Do it a favor and find out by your self the rigth answers to those questions with out ask any one and you can be sure that when you achieve the rigth answers then you already understand in deep the alignment subject.

That’s all and till today you still just can’t understand it ( because I think that you not even intented to do it. ) and if you follow been a " follower " ( yes I know that him told you discovered the " black thread ".) you will live your audio life deseiving in this specific subject. Is up to you.

Regards and enjoy the MUSIC NOT DISTORTIONS,
R.

"" When you want enjoying a LP with all tracks you better move ..., also regarding the last songs on the record. "

in the chart/diagram of the link you can SEE that your statement is not true.

Btw, do you know that the SAT tonearm manipulated alignment gives you better " numbers " that all those alignments.? with lower distortion levels?

NOW, if you are so sure about then please share with all of us a comparison between " your " alignment and Löfgren or SAT or what ever one of its distortion levels over the recorded LP surface. Easy, please do it. Appreciated.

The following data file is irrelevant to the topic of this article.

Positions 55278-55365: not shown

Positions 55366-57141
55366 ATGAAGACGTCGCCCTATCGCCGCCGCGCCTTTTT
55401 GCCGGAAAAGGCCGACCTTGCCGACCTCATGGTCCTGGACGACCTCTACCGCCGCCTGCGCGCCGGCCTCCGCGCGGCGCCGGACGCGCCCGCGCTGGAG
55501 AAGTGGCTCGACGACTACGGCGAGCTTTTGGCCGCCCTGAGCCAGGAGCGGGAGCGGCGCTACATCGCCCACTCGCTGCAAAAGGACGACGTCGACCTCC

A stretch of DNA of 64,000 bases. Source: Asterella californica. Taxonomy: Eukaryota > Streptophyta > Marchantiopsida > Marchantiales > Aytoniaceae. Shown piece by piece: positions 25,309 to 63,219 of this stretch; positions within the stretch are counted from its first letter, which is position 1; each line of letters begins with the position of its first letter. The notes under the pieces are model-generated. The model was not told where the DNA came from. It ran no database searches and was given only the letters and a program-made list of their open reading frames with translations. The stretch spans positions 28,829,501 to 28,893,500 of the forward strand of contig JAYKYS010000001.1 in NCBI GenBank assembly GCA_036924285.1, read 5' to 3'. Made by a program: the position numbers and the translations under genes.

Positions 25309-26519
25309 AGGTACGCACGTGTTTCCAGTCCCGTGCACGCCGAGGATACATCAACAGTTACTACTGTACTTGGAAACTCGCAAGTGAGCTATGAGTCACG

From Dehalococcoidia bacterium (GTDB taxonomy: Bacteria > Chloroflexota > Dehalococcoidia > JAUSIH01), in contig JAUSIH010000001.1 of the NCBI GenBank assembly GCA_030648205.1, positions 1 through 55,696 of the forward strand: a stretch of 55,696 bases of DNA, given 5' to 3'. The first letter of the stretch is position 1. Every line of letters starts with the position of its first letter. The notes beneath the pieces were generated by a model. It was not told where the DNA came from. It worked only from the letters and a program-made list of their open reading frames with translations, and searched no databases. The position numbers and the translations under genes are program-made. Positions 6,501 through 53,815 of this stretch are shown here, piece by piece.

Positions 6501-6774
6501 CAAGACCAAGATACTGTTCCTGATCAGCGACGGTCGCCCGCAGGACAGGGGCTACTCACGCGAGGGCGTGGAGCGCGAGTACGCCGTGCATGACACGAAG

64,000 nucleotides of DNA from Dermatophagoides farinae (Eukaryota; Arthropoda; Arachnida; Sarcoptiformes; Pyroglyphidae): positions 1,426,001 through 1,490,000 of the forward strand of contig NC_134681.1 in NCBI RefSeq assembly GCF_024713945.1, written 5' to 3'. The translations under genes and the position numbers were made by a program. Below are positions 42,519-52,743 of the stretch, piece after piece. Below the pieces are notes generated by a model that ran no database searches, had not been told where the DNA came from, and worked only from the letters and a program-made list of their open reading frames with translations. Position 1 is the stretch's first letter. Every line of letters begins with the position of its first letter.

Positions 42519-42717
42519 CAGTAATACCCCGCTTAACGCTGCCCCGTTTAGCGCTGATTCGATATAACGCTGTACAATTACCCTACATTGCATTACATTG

@thuchan , we don't need explanations but numbers>/facts: hard numbers. Got it?
isochronism:
Miller: "There should also be changes as the Earth turn's on it's axis and magma shifts affect local gravity". So the amount of anti-skate adjustment would be dependant upon the turntable's placement orientation in regard to the direction the Earth is spinning? 
No. The clue is in the phrase, "magma shifts affect local gravity." That is a clue to this being a question of gravity not spin. If it was spin then I would have said, "magma shifts affect Earth's spin velocity" or something like that. Gravity. Spin. Two different things. 

In any case its poppycock- or is it? Gravity is a function of mass and so dense magma moving around beneath the crust does indeed affect local gravity. Gravity is what pulls the stylus down into the groove. The stylus being pulled down into the groove is what creates drag. Drag is what affects anti-skate. Therefore logically magma affects anti-skate. Its just a fact. You could look it up. 

Its also a joke. A great big joke. Because while yes indeed all this is true, it also pales in significance to all the other things we can make so much of that turn out in the end to be insignificant. Which was my whole point. This whole thing is like arguing over how many angels can dance on the head of a pin.
Miller, I do appreciate your answer and audio commitment. Psalms 19:1
KJV which mention's the Firmament will explain much. Good Luck
The question was and is: are the differences between outside and inside tracks on a LP?
the answer is yes. Some like millercarbon do not see this as a problem, they are happy with this situation. Others like me have solved the issue by using the UNI-DIN curve which provides a better sound also for the outside tracks - and by using a good system you will hear it!
Some may stick to Mono related curves and do not regard it as an issue. Fine!